Keep your health afloat and stay in the boat

A first-year perspective on why you shouldn’t give rowing the heave-ho

The mornings are getting colder, the alarm clock is blaring at 5:30am and you still haven’t made up an erg score to put on the spreadsheet. It is probably at around this time that you wonder why you made the decision to carry on rowing into Hilary term.

When weighing up the choice between a few extra hours in bed or a cycle ride along a bumpy toe-path before the sun has come up, thinking about the infamously intense ‘erg’ you’ll have to complete on top of your morning outing could easily have you quitting rowing for good. Yet erging can rapidly develop into a fun and rewarding challenge if you do it with your fellow crew members. The beneficial effects on your fitness are many and varied and it is an excellent way to burn off all of those Christmas calories.

Moreover, a true sense of team spirit and togetherness is at the heart rowing, making it an exception to many other sports. Whether it’s expressed through the classic end of row debrief or else pennying your friends on a crew date, being a rower means that you are not just part of your team but part of the whole boat club, and you have the ‘stash’ to prove it.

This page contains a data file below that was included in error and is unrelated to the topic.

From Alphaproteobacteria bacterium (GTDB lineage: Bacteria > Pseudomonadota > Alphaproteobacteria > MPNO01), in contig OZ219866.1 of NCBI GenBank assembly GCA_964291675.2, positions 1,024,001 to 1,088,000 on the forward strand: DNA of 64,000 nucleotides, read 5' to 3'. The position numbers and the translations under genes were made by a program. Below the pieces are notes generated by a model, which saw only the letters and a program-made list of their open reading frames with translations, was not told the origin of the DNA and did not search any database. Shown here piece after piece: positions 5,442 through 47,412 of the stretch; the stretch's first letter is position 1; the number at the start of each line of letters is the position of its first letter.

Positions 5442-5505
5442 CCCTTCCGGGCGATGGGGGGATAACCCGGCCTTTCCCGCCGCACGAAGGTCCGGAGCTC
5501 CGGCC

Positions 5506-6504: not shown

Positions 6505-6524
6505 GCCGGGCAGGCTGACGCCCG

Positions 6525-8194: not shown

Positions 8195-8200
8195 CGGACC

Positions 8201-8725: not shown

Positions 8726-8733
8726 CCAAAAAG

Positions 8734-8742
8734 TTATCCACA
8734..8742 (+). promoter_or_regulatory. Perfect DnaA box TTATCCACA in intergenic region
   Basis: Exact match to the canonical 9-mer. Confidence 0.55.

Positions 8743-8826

Of course it is a commitment, but so is everything that is worthwhile and everyone knows that it’s healthy to balance your work with other activities. There is nothing like a brisk morning row to act as a surprisingly effective hangover cure and to clear the mind of any stresses and worries you may have.

All sports and challenges in life are made easier when you have a goal to focus your efforts on. In Hilary, the hope for termly glory is decided at Torpids: the chaotic, bumps-style race. To give up now before you’ve had the chance to compete would be a huge shame. Indeed, the last thing you would want is to get to the final day of Torpids and be the one watching from the riverbank, wishing that you were in the boat. It is said that in life you regret that which you didn’t do, far more than those things that you did. After all, the chance to row for your college at Oxford University will most likely be a once-in-a-lifetime experience.

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So yes ungodly early starts are a bit grim, you do wake up questioning all of your life decisions, and the concept of an erg can seem like something akin to torture. But you never do it alone, and as you catch that other boat in Torpids or even just as you watch the sun rise over the river, you realise that it is moments like these that make it all worthwhile.